The National Institute for Health and Care Excellence (NICE), in its final draft guidance issued this week, has recommended ixekizumab, an antibody that inhibits interleukin-17A, as an option for treating adults with severe plaque psoriasis that doesn’t respond to standard therapies.
Children and young people can have a wide range of life limiting conditions and may sometimes live with such conditions for many years. This guideline recommends that end of life care be managed as a long term process that begins at the time of diagnosis of a life limiting condition and entails planning for the future. Sometimes it may begin before the child’s birth. It is part of the overall care of the child or young person and runs in parallel with other active treatments for the underlying condition itself. Finally, it includes those aspects related to the care of the dying.
The number of people with many long-term health conditions is set to rise and physicians need to discuss both the benefits and any adverse effects of treatments with patients.
Aimed at healthcare professionals, GPs and physicians, a new NICE guideline (Multimorbidity: clinical assessment and management, NG56) sets out ways to put patients with complex health issues at the heart of decisions about their care, including how to decide between different medicines and treatments. It should also help clinicians to work with their patients to deliver person centred care suited to their needs.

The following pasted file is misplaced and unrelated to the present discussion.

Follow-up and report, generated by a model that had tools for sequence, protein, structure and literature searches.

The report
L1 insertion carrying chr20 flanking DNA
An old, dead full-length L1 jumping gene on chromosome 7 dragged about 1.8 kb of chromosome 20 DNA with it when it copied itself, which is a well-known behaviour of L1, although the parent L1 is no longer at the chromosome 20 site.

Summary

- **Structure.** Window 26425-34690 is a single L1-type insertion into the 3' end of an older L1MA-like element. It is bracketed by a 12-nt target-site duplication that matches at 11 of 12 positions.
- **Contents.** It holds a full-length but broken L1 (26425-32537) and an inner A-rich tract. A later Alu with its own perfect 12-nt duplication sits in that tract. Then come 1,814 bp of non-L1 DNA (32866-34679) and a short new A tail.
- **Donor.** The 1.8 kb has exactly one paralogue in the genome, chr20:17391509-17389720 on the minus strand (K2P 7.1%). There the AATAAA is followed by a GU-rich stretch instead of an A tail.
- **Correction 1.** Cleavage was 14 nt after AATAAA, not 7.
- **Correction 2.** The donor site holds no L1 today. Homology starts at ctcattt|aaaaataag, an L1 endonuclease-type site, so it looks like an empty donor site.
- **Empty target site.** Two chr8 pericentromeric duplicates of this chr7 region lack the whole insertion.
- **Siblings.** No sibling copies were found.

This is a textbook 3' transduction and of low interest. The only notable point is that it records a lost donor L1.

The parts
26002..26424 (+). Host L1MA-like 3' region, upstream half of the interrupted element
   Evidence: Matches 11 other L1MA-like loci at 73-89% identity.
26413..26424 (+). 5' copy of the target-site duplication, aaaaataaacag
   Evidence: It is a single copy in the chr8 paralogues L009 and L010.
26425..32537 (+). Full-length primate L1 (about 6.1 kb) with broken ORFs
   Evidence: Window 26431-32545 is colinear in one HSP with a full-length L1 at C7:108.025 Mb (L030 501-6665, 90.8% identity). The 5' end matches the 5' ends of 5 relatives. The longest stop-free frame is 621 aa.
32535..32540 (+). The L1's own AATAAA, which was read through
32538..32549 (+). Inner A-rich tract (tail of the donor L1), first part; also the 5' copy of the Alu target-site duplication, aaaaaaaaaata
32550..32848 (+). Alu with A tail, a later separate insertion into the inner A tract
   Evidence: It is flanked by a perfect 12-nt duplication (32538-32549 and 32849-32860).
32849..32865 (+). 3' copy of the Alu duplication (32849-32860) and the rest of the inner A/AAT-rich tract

The news release can be read here and the full guideline is Multimorbidity: clinical assessment and management NICE guideline [NG56]
Two drugs currently provided under the Cancer Drugs Fund (CDF) should cease to be available because they are not cost effective, the National Institute for Health and Care Excellence (NICE) has concluded.
Everolimus for breast cancer (Afinitor, Novartis) and ibrutinib for mantle cell lymphoma (Imbruvica, Janssen) do not meet the grade, says NICE in draft guidance now open for consultation.
“Think sepsis” in any person with suspected infection
Sepsis may present with non-specific symptoms and signs and without fever
Have a high index of suspicion of sepsis in those who are aged <1 year or >75 years, pregnant, or immunocompromised, and those who have a device or line in situ or have had recent surgery
Use risk factors and any indicators of clinical concern to decide if full assessment is required
Offer people at high risk of sepsis broad spectrum antibiotics and intravenous fluids in hospital
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